If you do not yet have a computer for your business, you should seriously consider buying one. You should not buy one simply because "everybody else has one," nor should you think that a computer will suddenly save you enough time to drum up twice the amount of business you already have. Instead, you should consider buying a computer so you can take advantage of what it can offer your business, in terms of organization, automation, and information processing.
A computer allows you to operate dozens of easy-to-use organizational and bookkeeping computer programs on the market today. Database programs, for instance, allow you to electronically record your client addresses, inventory, quotes and invoices. The programs can even tie all of these items together so that you only need to look in one place for any of them. Should you need to, you could access all the sales generated by a particular customer for any given year with just a "point-and-click." You can even use these same programs to generate a "personalized" mass mailing to each of your clients or potential clients, complete with usage of nicknames, or references to the name of the city in which they are located.
Organizational programs can help you save time and money by keeping track of the jobs you have to do, meetings you have to attend, and people you have to call. You may have heard of the popular datebook called the Franklin Planner. Backed by training seminars conducted by its makers, the Franklin Planner is successful because of its method of keeping track of both short- and long-term goals. Companion software is now available which further enhances the usefulness of the datebook. Another useful organizational program is Now Up-to-Date, which lets you post a calendar on one computer and have people from other computers (even remote ones) see your calendar, in order to check or update the current status of projects. The program can even be set up to remind you at specific intervals what you should be working on, or which appointments you are running late for. As a rule, these programs do not require a degree in computer science to master, either. The software manufacturers know that people won't want to use their products if they aren't easy to use.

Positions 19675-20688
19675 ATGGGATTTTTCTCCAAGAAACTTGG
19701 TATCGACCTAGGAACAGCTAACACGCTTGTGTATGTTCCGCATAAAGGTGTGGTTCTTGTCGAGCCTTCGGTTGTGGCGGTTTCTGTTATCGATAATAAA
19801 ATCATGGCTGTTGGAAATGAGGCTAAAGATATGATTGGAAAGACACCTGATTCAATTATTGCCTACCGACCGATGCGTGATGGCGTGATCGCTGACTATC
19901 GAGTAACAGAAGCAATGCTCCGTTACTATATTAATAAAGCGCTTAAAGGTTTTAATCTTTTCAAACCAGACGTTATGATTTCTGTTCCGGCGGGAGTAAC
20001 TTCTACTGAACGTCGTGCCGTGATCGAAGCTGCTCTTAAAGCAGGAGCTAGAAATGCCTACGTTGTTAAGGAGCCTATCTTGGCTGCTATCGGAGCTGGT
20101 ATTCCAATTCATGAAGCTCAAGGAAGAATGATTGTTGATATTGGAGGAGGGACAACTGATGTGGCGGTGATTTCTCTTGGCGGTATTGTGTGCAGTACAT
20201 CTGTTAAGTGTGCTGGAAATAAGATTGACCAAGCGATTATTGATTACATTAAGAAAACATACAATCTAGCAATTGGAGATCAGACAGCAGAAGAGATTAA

If you aren't yet convinced that buying a computer will benefit your business, you should know that income tax programs are also available--programs that could save you the cost of hiring a professional to do your taxes. (This self-employed writer uses them exclusively.) The software costs about $60, which is a lot cheaper than hiring an accountant. The programs are really easy to use; some even ask you questions about all of your income and expenditures, then tell you what the law says you can and cannot do. I spoke with a self-employed statistician who has used the tax programs for years; she once consulted with an accountant to make sure she wasn't overlooking any juicy deductions, and she ended up telling him a few things about the tax code!